‘Every Minister to visit each district every 3 months’

A Correspondent
SHILLONG, April 13: Chief Minister, Conrad K Sangma today said that every Minister in his cabinet will visit each district of the State every three months to review the various Government schemes.
Replying to the debate on the Budget on Friday, Conrad said that during the visits of the Ministers to the districts they will meet the officers of each department, district authorities and citizens.
“Public hearings will be held to engage the people and understand their problems,” the Chief Minister said.
He also said that the Department of Programme Implementation and the Chief Minister’s Office based on the reports from such public hearings will improve on the governence.
Seeking to allay fears of the officers in the Government, Conrad said that such evaluation was not being done to target any individual but only to improve the working of the Government.
He also informed the House that the start-up policy of the Government will be out in the next few months.
The Chief Minister said that the State Government will make policy where there will be a system in which the entrepreneurs will do things on their own.
“We would want to avoid being in business and would want the entrepreneurs to take the lead,” Conrad said.
He also told the House that incubation centers will be set up in the State.
Startup incubators are institutions that help entrepreneurs to develop their business, especially in the initial stages.
Incubation function is usually done by institutions which have experience in the business and technology world.
Incubator support includes providing technological facilities and advices, initial growth funds, network and linkages, co-working spaces, lab facilities, mentoring and advisory support.
As early stage mentors, incubators are an important part of the startup ecosystem.
Meanwhile, on the issue of plastics choking the towns of Meghalaya, the Chief Minister urged the citizens of the state to change their mindsets and join hands to have a cleaner Meghalaya.
“Not only rules and fines (imposed by authorities) which will keep our surroundings clean but ultimately there should a change in the mindset,” Conrad said.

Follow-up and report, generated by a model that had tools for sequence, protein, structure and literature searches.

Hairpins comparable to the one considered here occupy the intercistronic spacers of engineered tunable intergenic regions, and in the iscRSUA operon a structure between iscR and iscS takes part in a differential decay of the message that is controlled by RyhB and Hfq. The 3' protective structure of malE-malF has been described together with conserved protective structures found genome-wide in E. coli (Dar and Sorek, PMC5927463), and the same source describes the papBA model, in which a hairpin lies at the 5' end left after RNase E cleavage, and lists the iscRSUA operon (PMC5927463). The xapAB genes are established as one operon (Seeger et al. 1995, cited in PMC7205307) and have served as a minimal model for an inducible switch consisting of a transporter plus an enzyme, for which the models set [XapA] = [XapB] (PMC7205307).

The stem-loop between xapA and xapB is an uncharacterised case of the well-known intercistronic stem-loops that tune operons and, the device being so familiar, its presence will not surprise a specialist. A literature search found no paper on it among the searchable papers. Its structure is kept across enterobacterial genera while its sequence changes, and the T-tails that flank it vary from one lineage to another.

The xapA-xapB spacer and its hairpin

To manage wastes, he suggested the introduction of waste management that is prevalent in Alappuzha, a town in Kerala which had switched over to the decentralised system, an idea of managing waste at the source.
In this particular town, plastic and other non-degradable wastes are segregated at the source and delivered to the respective units.
While the kitchen waste can be deposited in public aerobic bins, the plastic waste is separately collected once a month by the municipality officials from the units or households and handed over to private parties for recycling. Plastic waste can also be given to the State Government’s Clean Kerala Company which sells it to factories in other States.
The waste deposited at the aerobic compost plants in public places is converted into organic fertilisers and distributed to the public free of cost. Each unit, comprising two bins, processes 2,000 kilograms of waste and convert the same into fertilizer within 90 days.
Biogas plants, both portable and fixed, were installed in households, with 50 percent subsidy from Government agencies.
Hotels, vegetable markets, wedding halls were asked to have their own plants or make arrangements to entrust their waste to recognised private service providers.
Conrad also informed the House the State Government was looking into the possibility of building roads with plastic waste technology.  
Recently, construction of a one km road using plastic waste technology in Nongkynjang village of West Khasi Hills was completed.
“If the technology works, we will push it further,” the Chief Minister said.